Their eight-hour mission over, pilot and co-pilot climb into their vehicles and drive home. Thirty minutes later, they are playing with their children.

Belatedly, some Americans started saying drones are maybe not such a good idea. In the last year or so, drones have even become something of a cause celebre in certain quadrants of what must pass for the American left.

And, indeed, recently the depressingly large not-very-bright contingent of said left had a veritable online organism when the dumb-as-dirt junior senator from Kentucky, Ayn Rand Paul, took to the floor of the Senate for a 13-hour “filibuster” in opposition to President Obama’s nominee to head the CIA, John Brennan. Said organism because, during his prolonged screed, Paul several times shed crocodile tears over the use of drones.

It was farcical to believe that Paul actually opposed drones—and indeed he does not, as his subsequent comments make very plain. For, like his father, Ron “Rugs” Paul, Ayn Rand Paul is a noted hater of black people. And drones could prove very useful in killing such people. As Ayn ayn rand paulRand Paul has since acknowledged:

“I’ve never argued against any technology being used when you have an imminent threat, an active crime going on,” Paul said. “If someone comes out of a liquor store with a weapon and fifty dollars in cash, I don’t care if a drone kills him or a policeman kills him.”

So much for Ayn Rand Paul’s “principled opposition” to drones.

No, the Ayn Rand Paul “filibuster” was never about drones. It was not even about Brennan. It was about hating the black man. This was clear through Paul’s many giggling references—three in less than five minutes on the Sean Klannity radio show—to the fact that his “filibuster” was the longest one to occupy the Senate since black-killer Strom Thurmond’s 24-hour jihad against the Civil Rights Act of 1957. The Civil Rights Act that black-hater Ayn Rand Paul opposes to this day.

So it goes.

Drones are anyway about to become fashionable, there in the US of A. As I noted here some three years ago, not only shall drones be utilized by law enforcement, but any citizen who wants one, may fly one, and all across the fruited plane.

Today, everyone who wants one, and can afford one, has a smartphone. Soon, everyone who wants one, and can afford one, shall have a drone.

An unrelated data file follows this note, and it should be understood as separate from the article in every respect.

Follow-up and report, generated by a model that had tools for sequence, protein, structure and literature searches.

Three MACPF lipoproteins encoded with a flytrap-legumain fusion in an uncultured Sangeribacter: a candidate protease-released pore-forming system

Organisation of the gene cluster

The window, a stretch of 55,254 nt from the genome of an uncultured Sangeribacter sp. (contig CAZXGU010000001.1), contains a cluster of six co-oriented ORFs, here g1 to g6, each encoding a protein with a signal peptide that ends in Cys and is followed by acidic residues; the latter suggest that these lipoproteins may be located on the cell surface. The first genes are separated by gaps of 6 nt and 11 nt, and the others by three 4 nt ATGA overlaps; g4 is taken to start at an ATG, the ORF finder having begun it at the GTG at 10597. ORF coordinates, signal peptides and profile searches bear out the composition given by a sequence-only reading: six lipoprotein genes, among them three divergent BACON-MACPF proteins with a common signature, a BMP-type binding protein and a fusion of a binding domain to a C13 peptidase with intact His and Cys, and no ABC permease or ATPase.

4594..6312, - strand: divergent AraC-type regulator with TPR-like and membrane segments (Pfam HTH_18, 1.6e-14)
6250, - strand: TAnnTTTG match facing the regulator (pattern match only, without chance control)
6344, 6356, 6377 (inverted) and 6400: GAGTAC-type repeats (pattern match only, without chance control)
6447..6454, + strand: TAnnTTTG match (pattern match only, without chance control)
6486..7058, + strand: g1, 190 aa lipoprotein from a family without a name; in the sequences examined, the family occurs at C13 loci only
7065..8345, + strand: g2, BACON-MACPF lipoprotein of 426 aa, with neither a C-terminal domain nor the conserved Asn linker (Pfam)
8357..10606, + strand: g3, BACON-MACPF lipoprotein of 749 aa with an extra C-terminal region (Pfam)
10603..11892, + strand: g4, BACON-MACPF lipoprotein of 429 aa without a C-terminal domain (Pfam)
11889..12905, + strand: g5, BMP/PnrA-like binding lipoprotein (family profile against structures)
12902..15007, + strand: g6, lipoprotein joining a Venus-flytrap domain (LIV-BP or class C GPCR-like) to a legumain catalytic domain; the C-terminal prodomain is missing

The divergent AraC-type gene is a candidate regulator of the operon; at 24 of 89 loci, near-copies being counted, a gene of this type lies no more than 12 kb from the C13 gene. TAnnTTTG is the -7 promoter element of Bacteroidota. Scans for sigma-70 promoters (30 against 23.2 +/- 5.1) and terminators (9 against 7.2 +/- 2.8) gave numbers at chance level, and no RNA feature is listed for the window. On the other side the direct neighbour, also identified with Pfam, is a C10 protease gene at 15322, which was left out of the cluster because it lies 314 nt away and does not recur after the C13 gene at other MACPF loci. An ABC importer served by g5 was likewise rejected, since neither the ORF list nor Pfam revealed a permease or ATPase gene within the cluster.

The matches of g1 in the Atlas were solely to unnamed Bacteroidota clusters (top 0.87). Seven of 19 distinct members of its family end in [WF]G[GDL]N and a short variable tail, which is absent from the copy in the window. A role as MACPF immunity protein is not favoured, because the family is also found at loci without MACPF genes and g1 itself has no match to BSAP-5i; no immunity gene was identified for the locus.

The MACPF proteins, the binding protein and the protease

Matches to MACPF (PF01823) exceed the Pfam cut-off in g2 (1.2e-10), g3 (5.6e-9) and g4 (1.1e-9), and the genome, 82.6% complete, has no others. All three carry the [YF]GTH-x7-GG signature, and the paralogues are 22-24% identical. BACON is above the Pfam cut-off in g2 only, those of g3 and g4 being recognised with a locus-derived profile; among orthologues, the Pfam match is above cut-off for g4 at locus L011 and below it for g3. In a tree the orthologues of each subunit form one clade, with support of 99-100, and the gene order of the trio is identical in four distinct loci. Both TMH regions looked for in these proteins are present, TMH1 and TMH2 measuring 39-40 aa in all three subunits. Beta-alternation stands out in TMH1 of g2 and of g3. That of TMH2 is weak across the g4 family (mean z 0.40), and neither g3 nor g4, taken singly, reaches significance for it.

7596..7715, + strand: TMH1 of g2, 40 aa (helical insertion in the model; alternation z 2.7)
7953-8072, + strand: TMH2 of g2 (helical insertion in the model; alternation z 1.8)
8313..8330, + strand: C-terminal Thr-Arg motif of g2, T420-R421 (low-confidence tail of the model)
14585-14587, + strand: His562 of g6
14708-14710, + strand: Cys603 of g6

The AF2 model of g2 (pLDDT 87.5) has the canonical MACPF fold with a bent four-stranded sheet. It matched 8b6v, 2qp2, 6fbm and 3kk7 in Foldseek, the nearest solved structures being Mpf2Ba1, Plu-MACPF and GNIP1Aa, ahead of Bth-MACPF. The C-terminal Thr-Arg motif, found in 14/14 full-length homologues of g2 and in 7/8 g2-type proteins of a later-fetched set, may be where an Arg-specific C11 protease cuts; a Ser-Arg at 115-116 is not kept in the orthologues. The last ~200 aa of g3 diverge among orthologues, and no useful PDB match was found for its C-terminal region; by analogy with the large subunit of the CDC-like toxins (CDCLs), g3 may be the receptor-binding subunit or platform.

Here they come:

Personal drones aren’t yet plying U.S. flyways. But an arms race is building among people looking to track celebrities, unfaithful lovers or even wildlife.

Drones now are associated with the unmanned Predator craft the Central Intelligence Agency uses to fire Hellfire missiles at militants in Pakistan’s tribal areas. But the essential technology is increasingly available beyond military circles, and spreading fast. An unmanned aircraft that can fly a predetermined route costs a few hundred bucks to build and can be operated by iPhone.

“The military stuff is kind of passe,” [MIT professor Missy] Cummings said. “It doesn’t take a rocket scientist from MIT to tell you if we can do it for a soldier in the field, we can do it for anybody.” As a parent of a 3-year-old, she said, she could use the same technology to track her daughter on her way to school (she would need to plant an electronic bug in her lunch box or backpack). That would “bring a whole new meaning to a hover parent,” she said. Schools could even use drones for perimeter control.

But human nature being what it is, it won’t take long for the technology to be embraced for less noble ends. Could nosey neighbors everybody is a spyuse a drone to monitor who isn’t picking up after their dogs? “That’s possible,” said Henry Crumpton, a former top CIA counterterrorism official who is now chairman of a company that develops drones—including one that can take off vertically, fly through a window and hover silently over your breakfast table.

“The only thing you’re bounded by is your imagination—and the FAA in the United States,” he said.

[Raoul] Felder, [a New York] divorce lawyer, said clever attorneys will find ways to get around FAA restrictions, perhaps by claiming their drones are for personal use—a distinction that should steer clear of FAA rules.

“This thing would be totally legal. There’s no violation of anybody’s premises,” he said.